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Israeli army carries out largest ground incursion into Gaza since the start of the war

Tanks and infantry entered the northern end of the Strip for several hours in a targeted raid aimed at ‘preparing the next stages of combat,’ while airstrikes continue to kill hundreds every day and deepen the humanitarian crisis

Guerra de Israel en Gaza
A tank with Israeli soldiers patrols along the border with southern Gaza on Thursday.ABIR SULTAN (EFE)

Early on Thursday the Israeli army carried out its largest ground incursion into Gaza since the Hamas attack of October 7, the military reported. It was not the invasion to destroy the military and governing capabilities of Hamas that Israeli Prime Minister Benjamin Netanyahu has been announcing for days, and which he promised on Wednesday will arrive in due course. But it is the first time in 20 days that tanks and infantry have penetrated “for hours” into the Gaza Strip to “eliminate terrorists,” “neutralize threats” and deactivate explosives, as explained by the military spokesman, Daniel Hagari, in his daily report to the media. The Israeli army has released videos of the targeted raid that took place in northern Gaza. Armored vehicles can be seen crossing the same concrete barrier that hundreds of Hamas members crossed in the surprise attack of October 7 that left 1,400 Israeli citizens dead, mainly civilians, and triggered the current crisis.

The overnight raid was aimed, in Hagari’s words, at “preparing the next stages of combat,” an effort that runs parallel to an intense campaign of airstrikes that are killing hundreds of Palestinians daily, 68% of them women and children, according to the Hamas-run Ministry of Health of the Gaza Strip, and deepening the humanitarian crisis. Due to lack of fuel for their generators, hospitals have begun to ration electricity to use it only for emergency events. And the humanitarian aid, already considered meager when it began flowing from Egypt last Saturday, is becoming increasingly scarce. In the last 48 hours, only 20 trucks carrying water, food and medicine have been allowed through the Rafah border crossing, the only one that is open, linking the Palestinian enclave with Egypt. That is to say, 2% of those that did it every day before the war.

None of these trucks carried fuel, which Israel and the United States refuse to allow through. The United Nations agency for Palestinian refugees (UNRWA) warned on Thursday that “the next 24 hours are very important” because, if fuel does not arrive, they will be forced to reduce, and in some cases stop, their humanitarian operations throughout Gaza. Of the more than one million people who have left their homes due to the bombings, 613,000 are taking refuge in UNRWA facilities, such as schools and hospitals. The agency has also lost 38 workers in the air raids. Israel will not allow fuel to enter Gaza, arguing that Hamas, the Islamist armed group that has ruled the Strip since 2007, is using it for its “operational needs,” as the military spokesman said.

In recent days, Netanyahu has been forced to emphasize that he has not backed down on the invasion, and that the government and the Armed Forces are going hand in hand. “We are preparing for a ground invasion. I will not elaborate on when, how or how many. I will also not elaborate on the various calculations we are making, which the public is mostly unaware of and that is how things should be,” he said on Wednesday in a televised speech to the nation, after days of leaks to the national media about army discontent with delays in launching an operation that has been ready for days.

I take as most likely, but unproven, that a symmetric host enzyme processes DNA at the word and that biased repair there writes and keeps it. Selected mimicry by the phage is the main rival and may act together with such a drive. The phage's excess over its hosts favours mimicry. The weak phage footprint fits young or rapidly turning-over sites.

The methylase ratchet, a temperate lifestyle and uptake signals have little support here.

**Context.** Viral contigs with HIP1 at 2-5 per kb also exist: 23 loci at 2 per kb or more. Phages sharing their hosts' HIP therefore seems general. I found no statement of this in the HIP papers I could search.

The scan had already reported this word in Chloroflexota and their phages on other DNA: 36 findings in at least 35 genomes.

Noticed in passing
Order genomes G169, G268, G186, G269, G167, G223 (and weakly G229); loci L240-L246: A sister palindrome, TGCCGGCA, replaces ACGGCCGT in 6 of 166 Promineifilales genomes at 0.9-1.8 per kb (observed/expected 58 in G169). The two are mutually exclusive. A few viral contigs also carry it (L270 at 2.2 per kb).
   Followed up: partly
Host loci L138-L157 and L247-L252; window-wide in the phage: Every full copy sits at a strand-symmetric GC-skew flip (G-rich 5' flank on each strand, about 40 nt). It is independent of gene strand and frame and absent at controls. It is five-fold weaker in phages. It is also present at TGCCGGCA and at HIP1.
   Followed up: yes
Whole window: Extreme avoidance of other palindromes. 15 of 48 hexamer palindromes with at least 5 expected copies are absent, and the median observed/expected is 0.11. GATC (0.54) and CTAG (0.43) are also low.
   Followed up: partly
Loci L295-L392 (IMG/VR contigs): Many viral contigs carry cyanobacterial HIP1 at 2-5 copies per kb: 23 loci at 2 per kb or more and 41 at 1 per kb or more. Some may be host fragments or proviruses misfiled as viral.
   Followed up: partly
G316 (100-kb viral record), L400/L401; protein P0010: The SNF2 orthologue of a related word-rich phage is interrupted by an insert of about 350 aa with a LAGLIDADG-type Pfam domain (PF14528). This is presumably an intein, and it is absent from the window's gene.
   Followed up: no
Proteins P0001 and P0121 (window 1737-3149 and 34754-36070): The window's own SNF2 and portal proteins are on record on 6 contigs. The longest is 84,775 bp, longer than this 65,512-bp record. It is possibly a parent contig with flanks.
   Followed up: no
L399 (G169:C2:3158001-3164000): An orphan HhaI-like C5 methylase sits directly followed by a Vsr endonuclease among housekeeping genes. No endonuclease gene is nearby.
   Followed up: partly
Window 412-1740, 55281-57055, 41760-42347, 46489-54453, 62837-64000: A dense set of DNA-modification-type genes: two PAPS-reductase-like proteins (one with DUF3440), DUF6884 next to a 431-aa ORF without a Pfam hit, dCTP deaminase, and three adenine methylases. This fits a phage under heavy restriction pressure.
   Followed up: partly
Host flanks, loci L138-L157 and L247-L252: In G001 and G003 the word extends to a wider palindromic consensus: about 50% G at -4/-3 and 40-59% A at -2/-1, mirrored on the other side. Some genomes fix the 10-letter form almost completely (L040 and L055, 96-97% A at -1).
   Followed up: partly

In public, Israel and the United States insist that only the former is making the decisions on timing and actions. American participation is, they say, limited to providing aid (such as aircraft carriers deployed in the Mediterranean) so that Israel will not be alone “to defend itself,” as U.S. Secretary of State Antony Blinken said shortly after the Hamas attack. President Joe Biden has reiterated Israel’s “right and responsibility” to “defend its citizens from terrorism and to do so in a manner consistent with international humanitarian law.” The White House statement comes in the midst of controversy over Biden’s questioning of the Palestinian death toll figures released by the Hamas-run Ministry of Health in Gaza.

Behind closed doors, Americans are, however, concerned about Israel’s ability to deal with the regional war that could be triggered by the invasion. In fact, its Navy reported the interception of a volley of missiles and drones launched from Yemen against Israel, apparently by the Houthi militias, which Iran backs.

It is, according to various analysts, one of the main factors delaying the invasion. But Washington not only wants to help its ally before it goes all-out on Gaza. The U.S. government also aims to bring negotiations to a successful conclusion, with the mediation of Qatar, to free the at least 224 hostages remaining in Gaza, some of whom are also U.S. nationals. Since last weekend, Hamas has freed four: an American mother and daughter, and two elderly Israeli women. Qatar is currently working on a much larger package of around 50 hostages with foreign passports.

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